Teens would rather get help from the internet than from a friend

A new survey, from online safety resource Parent Zone, has found that teenagers are more likely to seek help for their problems from the internet than they are from a friend.

When asked who they would talk to first about a problem, 34% said they'd speak to a parent or carer. 28% would go straight to the internet - but only 27% would speak to "another person they trusted" such as a friend. Less than 1% said they'd call a helpline first.

The survey was conducted to find out more about how the internet influences young people's lives, in particular their mental health. The researchers polled 220 students aged 13-20, conducting in-depth interviews with 40; and polled 119 teachers, with 6 in-depth interviews.

Vicki Shotbolt, Parent Zone chief executive, said: "All of the indicators suggest that the prevalence of mental health problems and the severity of those problems are increasing. Some people are linking the internet to the increase so we wanted to speak to the young people who have grown up with technology and hear their views so that we can start to think about how best to support them."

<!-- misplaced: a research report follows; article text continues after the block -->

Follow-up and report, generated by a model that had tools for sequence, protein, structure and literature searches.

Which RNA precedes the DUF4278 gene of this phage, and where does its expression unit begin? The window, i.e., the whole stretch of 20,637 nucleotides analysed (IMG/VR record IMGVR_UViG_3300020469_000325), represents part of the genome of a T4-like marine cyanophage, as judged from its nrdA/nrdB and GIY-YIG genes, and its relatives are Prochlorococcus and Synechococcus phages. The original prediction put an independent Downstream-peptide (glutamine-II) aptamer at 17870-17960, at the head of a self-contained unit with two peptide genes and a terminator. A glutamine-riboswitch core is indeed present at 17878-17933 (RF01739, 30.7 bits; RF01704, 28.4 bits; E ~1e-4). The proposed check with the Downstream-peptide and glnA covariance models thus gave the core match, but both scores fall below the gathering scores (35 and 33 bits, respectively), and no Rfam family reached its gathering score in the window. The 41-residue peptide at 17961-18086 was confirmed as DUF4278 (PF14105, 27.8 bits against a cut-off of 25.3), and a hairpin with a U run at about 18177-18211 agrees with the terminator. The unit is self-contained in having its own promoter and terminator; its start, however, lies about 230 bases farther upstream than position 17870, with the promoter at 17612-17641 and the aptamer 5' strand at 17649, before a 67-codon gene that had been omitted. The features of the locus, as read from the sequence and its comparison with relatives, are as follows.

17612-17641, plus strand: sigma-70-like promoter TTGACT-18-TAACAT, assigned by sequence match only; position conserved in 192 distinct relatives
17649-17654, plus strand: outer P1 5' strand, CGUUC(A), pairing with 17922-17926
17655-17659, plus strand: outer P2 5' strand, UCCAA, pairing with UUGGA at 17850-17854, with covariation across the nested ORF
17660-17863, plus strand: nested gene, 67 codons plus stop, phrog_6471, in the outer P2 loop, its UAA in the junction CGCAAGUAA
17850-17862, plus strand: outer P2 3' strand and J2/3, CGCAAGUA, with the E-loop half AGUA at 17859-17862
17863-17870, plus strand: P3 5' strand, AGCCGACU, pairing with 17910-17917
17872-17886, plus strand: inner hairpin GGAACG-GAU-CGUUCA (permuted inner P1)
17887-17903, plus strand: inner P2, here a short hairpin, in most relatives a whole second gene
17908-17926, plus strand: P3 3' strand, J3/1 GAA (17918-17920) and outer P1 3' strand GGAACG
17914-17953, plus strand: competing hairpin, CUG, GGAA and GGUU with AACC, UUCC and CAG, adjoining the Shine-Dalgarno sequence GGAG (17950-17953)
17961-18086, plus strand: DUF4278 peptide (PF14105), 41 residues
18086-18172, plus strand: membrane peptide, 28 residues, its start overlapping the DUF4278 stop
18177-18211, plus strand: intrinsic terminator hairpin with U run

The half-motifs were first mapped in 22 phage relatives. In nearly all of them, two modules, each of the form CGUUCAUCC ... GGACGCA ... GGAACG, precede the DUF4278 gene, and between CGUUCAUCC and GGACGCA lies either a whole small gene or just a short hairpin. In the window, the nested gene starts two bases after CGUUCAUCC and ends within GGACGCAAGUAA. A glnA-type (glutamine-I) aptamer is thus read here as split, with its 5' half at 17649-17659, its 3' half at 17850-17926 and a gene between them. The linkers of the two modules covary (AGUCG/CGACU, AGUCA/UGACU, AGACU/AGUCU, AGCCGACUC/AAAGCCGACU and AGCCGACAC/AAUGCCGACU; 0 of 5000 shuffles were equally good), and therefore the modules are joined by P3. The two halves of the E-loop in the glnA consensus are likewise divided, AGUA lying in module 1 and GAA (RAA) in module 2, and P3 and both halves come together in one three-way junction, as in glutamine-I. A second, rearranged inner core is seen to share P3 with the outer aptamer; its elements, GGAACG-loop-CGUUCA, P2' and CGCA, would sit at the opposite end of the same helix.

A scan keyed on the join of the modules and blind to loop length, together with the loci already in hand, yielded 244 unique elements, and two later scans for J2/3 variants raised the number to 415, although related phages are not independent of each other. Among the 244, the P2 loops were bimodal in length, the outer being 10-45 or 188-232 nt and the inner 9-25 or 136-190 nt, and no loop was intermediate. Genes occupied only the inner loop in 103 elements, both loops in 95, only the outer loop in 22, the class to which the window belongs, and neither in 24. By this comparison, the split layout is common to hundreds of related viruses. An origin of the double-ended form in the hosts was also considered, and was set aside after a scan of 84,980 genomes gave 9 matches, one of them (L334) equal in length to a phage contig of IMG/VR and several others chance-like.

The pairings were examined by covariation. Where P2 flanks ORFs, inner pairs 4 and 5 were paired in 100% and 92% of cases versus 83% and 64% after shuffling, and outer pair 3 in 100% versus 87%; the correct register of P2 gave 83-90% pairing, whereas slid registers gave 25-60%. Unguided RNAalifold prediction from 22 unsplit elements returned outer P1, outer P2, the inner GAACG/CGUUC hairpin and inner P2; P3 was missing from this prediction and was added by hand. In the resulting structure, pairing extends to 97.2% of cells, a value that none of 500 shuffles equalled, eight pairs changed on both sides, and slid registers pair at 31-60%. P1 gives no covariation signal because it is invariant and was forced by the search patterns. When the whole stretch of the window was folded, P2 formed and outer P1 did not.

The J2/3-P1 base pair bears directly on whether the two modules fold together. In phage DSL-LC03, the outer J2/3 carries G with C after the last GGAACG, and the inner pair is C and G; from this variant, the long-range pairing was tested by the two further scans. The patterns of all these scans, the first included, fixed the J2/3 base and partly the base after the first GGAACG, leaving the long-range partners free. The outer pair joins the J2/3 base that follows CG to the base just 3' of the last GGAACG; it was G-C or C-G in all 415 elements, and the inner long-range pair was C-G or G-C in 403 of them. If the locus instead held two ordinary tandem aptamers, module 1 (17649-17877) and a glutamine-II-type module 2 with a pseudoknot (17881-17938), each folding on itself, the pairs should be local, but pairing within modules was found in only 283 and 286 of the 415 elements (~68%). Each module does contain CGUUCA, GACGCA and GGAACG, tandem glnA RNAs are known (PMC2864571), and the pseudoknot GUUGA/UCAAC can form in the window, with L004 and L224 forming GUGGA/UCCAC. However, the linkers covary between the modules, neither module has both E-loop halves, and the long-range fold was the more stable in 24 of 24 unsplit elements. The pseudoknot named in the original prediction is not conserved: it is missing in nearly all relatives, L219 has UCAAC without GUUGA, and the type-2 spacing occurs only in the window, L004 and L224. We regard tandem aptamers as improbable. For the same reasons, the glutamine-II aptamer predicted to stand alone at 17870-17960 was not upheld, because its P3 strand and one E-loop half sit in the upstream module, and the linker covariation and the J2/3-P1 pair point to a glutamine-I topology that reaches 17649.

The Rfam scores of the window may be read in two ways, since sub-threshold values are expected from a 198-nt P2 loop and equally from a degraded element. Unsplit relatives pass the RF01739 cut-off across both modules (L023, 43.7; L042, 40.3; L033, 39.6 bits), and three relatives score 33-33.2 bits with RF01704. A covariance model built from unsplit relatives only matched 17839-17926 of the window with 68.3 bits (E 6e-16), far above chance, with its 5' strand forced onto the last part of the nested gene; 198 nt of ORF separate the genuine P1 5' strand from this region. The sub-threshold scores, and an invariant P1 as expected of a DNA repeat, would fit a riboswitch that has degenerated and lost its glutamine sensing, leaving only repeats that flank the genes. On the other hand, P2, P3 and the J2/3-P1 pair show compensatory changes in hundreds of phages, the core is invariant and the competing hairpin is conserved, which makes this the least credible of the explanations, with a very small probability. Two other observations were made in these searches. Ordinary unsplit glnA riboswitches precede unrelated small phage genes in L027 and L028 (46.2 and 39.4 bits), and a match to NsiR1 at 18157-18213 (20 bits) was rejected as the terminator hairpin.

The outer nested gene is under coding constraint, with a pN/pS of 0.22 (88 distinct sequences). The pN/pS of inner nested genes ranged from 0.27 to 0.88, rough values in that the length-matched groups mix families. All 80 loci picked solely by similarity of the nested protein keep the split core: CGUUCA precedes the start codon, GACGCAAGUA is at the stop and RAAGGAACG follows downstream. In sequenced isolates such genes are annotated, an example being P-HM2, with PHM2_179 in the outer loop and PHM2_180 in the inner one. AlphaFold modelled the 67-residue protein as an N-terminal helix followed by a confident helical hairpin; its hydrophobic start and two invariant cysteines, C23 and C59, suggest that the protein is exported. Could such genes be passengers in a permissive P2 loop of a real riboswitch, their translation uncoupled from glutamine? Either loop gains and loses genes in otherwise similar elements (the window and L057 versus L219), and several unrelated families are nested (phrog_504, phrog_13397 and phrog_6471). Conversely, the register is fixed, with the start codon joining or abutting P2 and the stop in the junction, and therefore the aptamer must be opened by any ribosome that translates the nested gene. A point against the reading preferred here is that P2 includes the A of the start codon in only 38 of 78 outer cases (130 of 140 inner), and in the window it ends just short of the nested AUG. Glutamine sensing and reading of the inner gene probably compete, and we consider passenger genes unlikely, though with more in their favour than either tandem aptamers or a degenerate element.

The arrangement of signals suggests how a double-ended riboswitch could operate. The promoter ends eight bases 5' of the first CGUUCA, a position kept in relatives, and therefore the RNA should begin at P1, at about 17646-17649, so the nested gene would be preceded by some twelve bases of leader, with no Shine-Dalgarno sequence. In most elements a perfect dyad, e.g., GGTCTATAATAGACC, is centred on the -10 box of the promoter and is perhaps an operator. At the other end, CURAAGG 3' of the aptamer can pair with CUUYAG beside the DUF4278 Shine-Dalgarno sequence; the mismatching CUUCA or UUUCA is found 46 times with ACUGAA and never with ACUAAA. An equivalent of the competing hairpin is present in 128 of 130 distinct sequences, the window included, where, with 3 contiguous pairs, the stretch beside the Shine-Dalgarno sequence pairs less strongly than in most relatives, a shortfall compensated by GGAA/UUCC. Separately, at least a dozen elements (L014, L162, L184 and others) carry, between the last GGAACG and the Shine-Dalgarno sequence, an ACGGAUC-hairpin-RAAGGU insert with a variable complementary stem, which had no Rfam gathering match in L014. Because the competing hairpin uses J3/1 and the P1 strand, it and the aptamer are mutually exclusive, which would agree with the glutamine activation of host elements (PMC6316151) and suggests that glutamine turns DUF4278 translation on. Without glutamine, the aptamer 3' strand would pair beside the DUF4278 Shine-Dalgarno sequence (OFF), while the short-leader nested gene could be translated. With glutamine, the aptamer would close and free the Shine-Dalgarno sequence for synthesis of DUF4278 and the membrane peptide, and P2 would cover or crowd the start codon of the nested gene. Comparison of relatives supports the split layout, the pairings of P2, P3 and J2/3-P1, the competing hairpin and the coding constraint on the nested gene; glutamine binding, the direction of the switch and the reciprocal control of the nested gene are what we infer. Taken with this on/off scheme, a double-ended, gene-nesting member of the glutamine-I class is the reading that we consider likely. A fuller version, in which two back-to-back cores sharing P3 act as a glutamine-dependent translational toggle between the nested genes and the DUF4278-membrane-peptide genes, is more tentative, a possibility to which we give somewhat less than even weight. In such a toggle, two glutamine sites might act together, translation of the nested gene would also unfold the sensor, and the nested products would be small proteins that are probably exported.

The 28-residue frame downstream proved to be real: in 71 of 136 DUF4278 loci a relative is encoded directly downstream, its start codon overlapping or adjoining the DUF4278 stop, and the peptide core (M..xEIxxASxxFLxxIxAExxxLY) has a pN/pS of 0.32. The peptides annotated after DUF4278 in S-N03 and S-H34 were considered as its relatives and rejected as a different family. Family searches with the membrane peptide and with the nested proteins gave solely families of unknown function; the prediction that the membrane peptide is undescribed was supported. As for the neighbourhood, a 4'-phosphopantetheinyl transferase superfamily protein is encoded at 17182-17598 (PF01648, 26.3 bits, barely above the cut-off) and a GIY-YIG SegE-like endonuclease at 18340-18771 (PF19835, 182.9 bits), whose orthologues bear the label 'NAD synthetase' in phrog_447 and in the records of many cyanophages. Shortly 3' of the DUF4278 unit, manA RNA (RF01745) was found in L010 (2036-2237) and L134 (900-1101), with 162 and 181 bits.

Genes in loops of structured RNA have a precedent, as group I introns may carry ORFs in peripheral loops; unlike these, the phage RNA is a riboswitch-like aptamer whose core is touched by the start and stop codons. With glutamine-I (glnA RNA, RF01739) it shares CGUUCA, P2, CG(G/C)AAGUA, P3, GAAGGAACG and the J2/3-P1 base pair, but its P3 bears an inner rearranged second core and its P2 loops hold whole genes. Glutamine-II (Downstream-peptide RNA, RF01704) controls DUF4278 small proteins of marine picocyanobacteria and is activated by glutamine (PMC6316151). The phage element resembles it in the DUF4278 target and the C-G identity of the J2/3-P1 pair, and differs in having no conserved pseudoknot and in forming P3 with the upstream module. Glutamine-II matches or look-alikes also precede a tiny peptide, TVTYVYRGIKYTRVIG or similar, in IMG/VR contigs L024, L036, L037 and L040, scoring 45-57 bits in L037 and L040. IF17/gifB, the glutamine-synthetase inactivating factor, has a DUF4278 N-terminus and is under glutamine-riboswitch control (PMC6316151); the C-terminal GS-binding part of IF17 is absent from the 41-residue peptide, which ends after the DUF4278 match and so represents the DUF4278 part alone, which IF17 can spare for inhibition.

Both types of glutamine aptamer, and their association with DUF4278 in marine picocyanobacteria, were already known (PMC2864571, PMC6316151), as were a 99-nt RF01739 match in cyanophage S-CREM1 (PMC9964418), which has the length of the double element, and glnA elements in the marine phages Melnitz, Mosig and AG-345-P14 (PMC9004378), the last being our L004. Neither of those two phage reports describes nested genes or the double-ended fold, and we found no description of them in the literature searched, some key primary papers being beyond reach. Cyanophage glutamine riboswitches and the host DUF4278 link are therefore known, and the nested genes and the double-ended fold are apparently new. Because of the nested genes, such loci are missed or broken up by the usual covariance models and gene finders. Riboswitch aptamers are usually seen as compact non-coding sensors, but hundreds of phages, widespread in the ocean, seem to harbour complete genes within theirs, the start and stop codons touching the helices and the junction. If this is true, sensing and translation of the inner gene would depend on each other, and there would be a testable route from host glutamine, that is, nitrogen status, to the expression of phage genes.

75% of teens who responded said that the internet makes them happy, although even they recognised that it can have negative effects. 28% agreed that the internet was bad for young people's mental health - something that a huge 44% of teachers believed - and 36% would advise upset friends to avoid Facebook.

That's likely because of the disturbing content on the 'net: more than half of the teenagers said they'd seen someone discussing suicide online, and even more (61%) have seen someone talk about hurting themselves.

91% of teachers surveyed said they felt the frequency of mental health problems among kids is increasing - with stress and anxiety (95%), depression (70%), and self harm (66%) the most common issues. Sadly, 84% also said they don't have adequate resources to help their students.

To combat this, the report recommends more support for schools, tech companies using the internet as a "force for good", and that teachers, schools, and carers "stop trying to make 20th century services meet 21st century needs".

Source: Parent Zone

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